13 responses »

  1. My young Aussie would be exhibit A for the attention that comes with high food drive, and leaves when the food leaves. It certainly meant that she learned a huge amount in a short period of time. And now she seems to feel bewildered and betrayed when the food is not in evidence. My dog, who learned to crawl backward in a day, and do scent articles in a week, has spent the last month on my trying to teach the concept that I will play with you and your toy after you give me some work, but you need to ignore the toy for that to happen. I’m seeing signs of improvement, but it’s been slow and painful for both of us. No matter how fun I try to be, Piper is still firmly of the opinion that I’m more fun with cookies than without. And since I obviously have access to cookies, clearly I have just turned mean. And she is highly disappointed in my behavior.

    • Lynn, I understand. When I started teaching Juno to work for me rather than the ball, we were both miserable, and I truly doubted if we could get there. It took months of trial and error. Now I can comfortably work her through all of novice and open for play, but I still question how much to bring the toys back into the picture, if at all. She’s a work in progress.

  2. I really enjoyed this session, plus Lyra is growing each day, into the most beautiful dog, inside and out.
    My Malinois has one great love, her ball; however the next great love is sniffing. Too bad that I cannot do tracking. I put “Sniff” and “No sniff” on cue. It is a great rewarder, if she works with me.

  3. Concerning distractions . I am the only one that exercises or trains my dog . If I am ill and can not attend to my dog , should I let my husband
    Engage in play & exercise with my dog or can this cause a problem and become a major distraction in my training & play relationship
    Later with my dog . I could have him just meet her basic needs & not engage in play ?

  4. Well, naturally I ran downstairs to try this with Copper. I noticed that you didn’t seem to care if Lyra heeled with the object in her mouth or was sent to retrieve while the toy was still in, and that there were a bunch of toys scattered here and there. So I likewise scattered favored balls and tugs here and there. Copper is happy to do anything I ask with the toy in his mouth, but he is not ever interested in releasing it. He sees no reason to pass by the toy, even to get to a better one that I’m holding…. why be empty-mouthed? Perhaps I should start with more boring things on the ground. In addition, I read what you said about not giving the dog a lot of energy for bringing the toy when you didn’t want it, so I tried that. He kind of shrugged. And it was also apparent that while he is very happy to play with me, if I stand there waiting for him to drop something, he is equally happy to lie down and grind the toy to smithereens while waiting for me to show signs of life. Copper is not especially distractable, but he doesn’t see any reason to leave the toys alone. I see his point. I am not seeing how to make my toy enough more fun than his for him to pass it by. Well, at least I have a visual goal to shoot for.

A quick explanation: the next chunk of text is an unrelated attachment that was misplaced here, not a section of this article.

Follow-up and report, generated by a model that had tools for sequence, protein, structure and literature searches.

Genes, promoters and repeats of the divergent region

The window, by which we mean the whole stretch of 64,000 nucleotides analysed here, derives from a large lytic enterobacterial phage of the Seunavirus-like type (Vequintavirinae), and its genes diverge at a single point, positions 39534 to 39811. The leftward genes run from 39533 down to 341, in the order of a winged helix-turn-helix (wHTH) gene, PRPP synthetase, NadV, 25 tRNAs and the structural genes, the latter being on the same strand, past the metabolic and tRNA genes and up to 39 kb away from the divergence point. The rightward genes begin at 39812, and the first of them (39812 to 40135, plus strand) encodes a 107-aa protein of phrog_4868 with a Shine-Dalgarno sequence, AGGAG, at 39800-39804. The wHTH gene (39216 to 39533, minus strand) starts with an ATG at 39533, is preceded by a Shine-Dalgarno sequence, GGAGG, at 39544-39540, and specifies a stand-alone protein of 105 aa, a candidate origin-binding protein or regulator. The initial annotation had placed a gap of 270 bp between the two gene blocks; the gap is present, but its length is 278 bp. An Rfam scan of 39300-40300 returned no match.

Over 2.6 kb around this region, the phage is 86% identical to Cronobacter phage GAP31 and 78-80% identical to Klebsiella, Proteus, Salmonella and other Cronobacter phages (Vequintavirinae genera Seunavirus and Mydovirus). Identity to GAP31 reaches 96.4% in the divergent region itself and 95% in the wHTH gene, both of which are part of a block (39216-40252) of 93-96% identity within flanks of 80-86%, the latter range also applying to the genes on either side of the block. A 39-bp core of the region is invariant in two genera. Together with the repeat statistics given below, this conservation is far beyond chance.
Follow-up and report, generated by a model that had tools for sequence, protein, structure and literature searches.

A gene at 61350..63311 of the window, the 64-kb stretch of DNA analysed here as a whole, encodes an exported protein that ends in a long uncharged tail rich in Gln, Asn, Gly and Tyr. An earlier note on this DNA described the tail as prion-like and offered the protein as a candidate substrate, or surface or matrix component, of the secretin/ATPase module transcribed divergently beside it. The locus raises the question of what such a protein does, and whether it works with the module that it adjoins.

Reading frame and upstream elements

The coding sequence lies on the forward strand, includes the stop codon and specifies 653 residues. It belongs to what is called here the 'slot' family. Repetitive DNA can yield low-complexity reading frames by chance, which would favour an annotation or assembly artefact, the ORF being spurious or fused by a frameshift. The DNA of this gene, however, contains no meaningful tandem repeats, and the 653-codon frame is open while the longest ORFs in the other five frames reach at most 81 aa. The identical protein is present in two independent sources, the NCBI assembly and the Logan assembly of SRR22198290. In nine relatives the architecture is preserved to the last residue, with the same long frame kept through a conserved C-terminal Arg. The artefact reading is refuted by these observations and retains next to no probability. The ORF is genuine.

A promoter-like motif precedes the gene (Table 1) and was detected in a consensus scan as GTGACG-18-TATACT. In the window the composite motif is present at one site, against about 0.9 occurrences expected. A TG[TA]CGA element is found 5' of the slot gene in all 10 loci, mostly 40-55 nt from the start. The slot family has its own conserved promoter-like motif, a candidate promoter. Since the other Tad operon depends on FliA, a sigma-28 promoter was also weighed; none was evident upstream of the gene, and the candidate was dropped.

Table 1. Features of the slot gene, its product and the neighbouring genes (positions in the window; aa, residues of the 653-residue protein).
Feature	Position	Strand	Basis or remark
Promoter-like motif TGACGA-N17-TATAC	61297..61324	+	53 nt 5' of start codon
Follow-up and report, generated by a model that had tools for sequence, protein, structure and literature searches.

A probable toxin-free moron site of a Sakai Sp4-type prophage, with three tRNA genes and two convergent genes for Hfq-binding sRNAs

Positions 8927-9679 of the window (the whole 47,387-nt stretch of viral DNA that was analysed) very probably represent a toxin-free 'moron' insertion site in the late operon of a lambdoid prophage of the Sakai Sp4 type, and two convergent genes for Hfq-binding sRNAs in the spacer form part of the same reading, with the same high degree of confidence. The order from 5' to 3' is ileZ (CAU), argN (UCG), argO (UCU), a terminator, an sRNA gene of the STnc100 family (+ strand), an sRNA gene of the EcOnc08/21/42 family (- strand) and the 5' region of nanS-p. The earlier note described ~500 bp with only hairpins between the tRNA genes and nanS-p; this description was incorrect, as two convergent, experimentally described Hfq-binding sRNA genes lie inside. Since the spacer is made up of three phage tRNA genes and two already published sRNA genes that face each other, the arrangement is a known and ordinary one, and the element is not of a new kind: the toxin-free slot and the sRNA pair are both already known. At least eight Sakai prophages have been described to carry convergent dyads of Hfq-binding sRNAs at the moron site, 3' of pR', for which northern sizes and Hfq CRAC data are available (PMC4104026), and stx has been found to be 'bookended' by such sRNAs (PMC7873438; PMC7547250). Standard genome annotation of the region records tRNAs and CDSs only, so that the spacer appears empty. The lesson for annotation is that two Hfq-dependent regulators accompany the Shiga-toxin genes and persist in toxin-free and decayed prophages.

5. I really think you make excellent arguments for doing focus and play work with puppies from the get-go. I can really see Lyra’s willingness to work develop, just to get the interaction. One of my rescue dogs had had no or very limited interaction interaction with people until I got him at age 10 months and an incredible herding instinct that led him to be highly distractable by motion. We’re at the point where he adores working with people, and can now multitask successfully (he still wants to keep one eye on moving objects in the vicinity if possible). But you’re now on my list of seminar presenters I really want to learn from once I’m back in the U.S.!

  6. Hi! Boy she is looking good! Can I ask if the strip on your pants is for a focal point or something like that? I really need help !

  7. Pingback: Rewarding Behaviors Dog Training, Binghamton » Blog Archive » 3 Training Blogs You Should Read |